Tuesday, November 16, 2010

Elizabeth Smart

I've been following the Elizabeth Smart trial news, just like everyone else. I remember the night she was kidnapped from her bedroom, and how I heard the news and then held my little baby in my arms and was scared for the world he was inheriting.

So, following all that, I think Elizabeth Smart is a wonderfully brave woman and definitely a hero. And I think she's lucky.

Why lucky?

Not because such awful things happened to her, but because she only had to live with them for nine months, and then the bad guy who hurt her got caught, and she gets a chance to publicly tell the world everything he did to her, and he WILL be punished for it, and she knows that. He's not going to get away with it.

Listening to and reading everything about the trial has made me think about a lot of other women--women I personally know--who had to deal with the same kinds of things Elizabeth had to deal with. Women who were treated just as badly, and sometimes much worse.

Women who had no hope of rescue because their abusers were their own parents, not some crazies who kidnapped them.

And women who have no hope of ever seeing their abusers brought to light or justice, and who will never get the satisfaction (or catharsis, or whatever it would be for each of them) of telling the world what horrible things these abusers did because the laws when the abuse happened favored the perpetrators and not the victims.

All of these women (and I can name nearly a dozen without pausing to think or take a breath) not only don't get to see their torturers get punished, they have to continue to interact with them, be civil to them, and continually deal with ongoing emotional abuse long after they have escaped the actual physical clutches of the wicked people who held--and continue to try to hold--them captive. Some of these women had to watch their abusers get old and die without even so much as a slap on the wrist for all the horrible things they did.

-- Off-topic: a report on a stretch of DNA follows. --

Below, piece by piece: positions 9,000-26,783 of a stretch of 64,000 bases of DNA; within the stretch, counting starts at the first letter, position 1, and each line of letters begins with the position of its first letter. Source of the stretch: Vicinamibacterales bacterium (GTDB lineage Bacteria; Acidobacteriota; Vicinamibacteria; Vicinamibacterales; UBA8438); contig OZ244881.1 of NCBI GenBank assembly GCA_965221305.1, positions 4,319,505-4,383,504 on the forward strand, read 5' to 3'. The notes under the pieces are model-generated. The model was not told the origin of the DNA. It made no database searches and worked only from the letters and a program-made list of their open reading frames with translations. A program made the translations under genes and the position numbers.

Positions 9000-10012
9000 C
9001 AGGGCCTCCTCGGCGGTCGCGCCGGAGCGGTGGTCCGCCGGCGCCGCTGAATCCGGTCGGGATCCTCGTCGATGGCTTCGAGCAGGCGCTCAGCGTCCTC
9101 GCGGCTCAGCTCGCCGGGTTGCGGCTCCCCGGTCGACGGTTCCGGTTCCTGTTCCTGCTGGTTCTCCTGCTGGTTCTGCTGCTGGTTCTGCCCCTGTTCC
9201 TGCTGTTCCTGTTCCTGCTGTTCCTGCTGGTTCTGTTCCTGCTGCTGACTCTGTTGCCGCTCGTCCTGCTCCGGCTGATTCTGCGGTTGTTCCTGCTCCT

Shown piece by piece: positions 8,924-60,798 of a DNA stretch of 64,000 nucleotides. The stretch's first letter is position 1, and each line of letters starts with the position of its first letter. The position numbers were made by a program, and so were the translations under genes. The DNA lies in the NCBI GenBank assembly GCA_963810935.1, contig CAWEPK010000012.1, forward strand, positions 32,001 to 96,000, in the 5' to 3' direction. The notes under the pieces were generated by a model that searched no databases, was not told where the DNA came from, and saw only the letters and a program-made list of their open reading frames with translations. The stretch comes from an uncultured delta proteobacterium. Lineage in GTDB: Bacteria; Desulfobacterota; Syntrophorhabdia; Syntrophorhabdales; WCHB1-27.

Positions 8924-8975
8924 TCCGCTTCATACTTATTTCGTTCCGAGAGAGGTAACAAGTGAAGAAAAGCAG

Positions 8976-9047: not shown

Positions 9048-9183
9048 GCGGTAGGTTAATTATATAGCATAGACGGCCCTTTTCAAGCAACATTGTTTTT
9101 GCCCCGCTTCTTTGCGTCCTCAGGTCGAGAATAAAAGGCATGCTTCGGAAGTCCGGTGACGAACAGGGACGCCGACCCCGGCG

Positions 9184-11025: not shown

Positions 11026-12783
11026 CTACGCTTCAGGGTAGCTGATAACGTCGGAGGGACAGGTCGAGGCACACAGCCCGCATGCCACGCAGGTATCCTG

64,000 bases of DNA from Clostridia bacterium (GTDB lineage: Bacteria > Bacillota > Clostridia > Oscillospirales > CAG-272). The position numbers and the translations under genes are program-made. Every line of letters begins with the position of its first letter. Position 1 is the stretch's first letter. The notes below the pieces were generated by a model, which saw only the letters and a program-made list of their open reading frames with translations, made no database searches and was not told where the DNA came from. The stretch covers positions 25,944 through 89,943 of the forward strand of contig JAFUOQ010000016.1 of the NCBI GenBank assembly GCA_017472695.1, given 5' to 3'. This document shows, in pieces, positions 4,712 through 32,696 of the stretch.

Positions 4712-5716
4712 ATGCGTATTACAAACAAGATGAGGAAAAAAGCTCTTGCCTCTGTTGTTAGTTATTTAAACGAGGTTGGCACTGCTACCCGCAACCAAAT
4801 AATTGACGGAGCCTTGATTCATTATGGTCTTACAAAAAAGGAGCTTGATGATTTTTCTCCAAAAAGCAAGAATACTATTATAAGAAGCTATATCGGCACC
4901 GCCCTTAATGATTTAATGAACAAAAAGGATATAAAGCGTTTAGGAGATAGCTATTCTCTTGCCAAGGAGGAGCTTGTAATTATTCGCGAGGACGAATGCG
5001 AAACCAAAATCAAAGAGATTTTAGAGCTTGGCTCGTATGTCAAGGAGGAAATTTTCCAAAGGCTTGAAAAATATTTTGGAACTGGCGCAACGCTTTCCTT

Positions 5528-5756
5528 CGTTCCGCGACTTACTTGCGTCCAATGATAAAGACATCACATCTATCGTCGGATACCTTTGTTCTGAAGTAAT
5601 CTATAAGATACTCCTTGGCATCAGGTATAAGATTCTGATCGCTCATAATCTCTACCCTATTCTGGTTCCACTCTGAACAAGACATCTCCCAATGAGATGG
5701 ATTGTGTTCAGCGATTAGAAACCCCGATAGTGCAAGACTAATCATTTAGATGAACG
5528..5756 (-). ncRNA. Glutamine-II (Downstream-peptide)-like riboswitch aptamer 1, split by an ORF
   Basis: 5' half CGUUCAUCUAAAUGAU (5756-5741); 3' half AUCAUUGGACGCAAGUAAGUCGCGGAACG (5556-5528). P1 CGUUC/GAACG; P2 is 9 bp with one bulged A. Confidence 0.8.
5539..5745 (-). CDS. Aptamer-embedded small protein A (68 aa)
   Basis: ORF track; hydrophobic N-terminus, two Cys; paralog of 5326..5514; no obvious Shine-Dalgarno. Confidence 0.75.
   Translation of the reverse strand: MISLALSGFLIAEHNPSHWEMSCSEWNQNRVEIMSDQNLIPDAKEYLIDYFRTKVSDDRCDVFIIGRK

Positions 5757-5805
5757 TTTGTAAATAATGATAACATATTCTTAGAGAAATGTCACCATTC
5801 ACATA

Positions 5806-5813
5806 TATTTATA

So, SO many people like Brian David Mitchell are out there NOT getting caught. Ever.

These women are my heroes.


Because even in the face of NEVER getting justice, or even safety and relief, almost all of them have made wonderful, happy lives for themselves. Pop culture says that abuse will completely, utterly destroy a life, that rape will ruin you forever, and that torture and abuse are things that destroy your soul and prevent you from ever becoming anything or enjoying anything, trapped forever by fear, timidity, drugs, alcohol, bad relationships, etc.

Elizabeth has been a public face proving that's not true. I know some women who were damaged beyond repair. But I know many more who, like Elizabeth Smart, were able to not let the abuse be the defining factor of the rest of their existence.

And the women I know, even knowing they will never get that freedom of seeing their abuser go to jail, they have not only made wonderful lives for themselves--they've learned how to be civil to the people who abused them, how to have relationships with other people, how to love and be loved. And how to be happy. They have learned how to love and trust God even when their earthly fathers taught them only things that would interfere with a relationship with God. They have learned how to pick up and move on, and not let the past destroy the future, despite the damage that other people can do to our souls. They have shown me how idealism and reality can intersect, how religion and life mesh nicely, even when life is "real" and dark and sometimes ugly.

They spend their lives making the world a better, more beautiful place, loving other people, and proving beyond a doubt that we, with Jesus, are never so beaten down that we can't be healed. It's not that the abuse and its effects are erased from their lives. It's that they live fully and happily anyway.

These women are my heroes. Their examples keep me going when I think my life is unbearably tough. Their examples make me a better, stronger, more compassionate person, and I'm glad to know them, grateful for their influences in my life.

I just wish the world could look at Elizabeth Smart and say, "What a great woman," and then remember all the thousands of women and girls who don't get to escape, don't get rescued, and have to live with their captors, and the abuse, forever. It's easy to sit back and say, "Anomaly," when really we need to realize that there are thousands of girls who need our help as much as Elizabeth Smart did, and thousands of men who are getting away with it.

Maybe there's something we can do to stop that.

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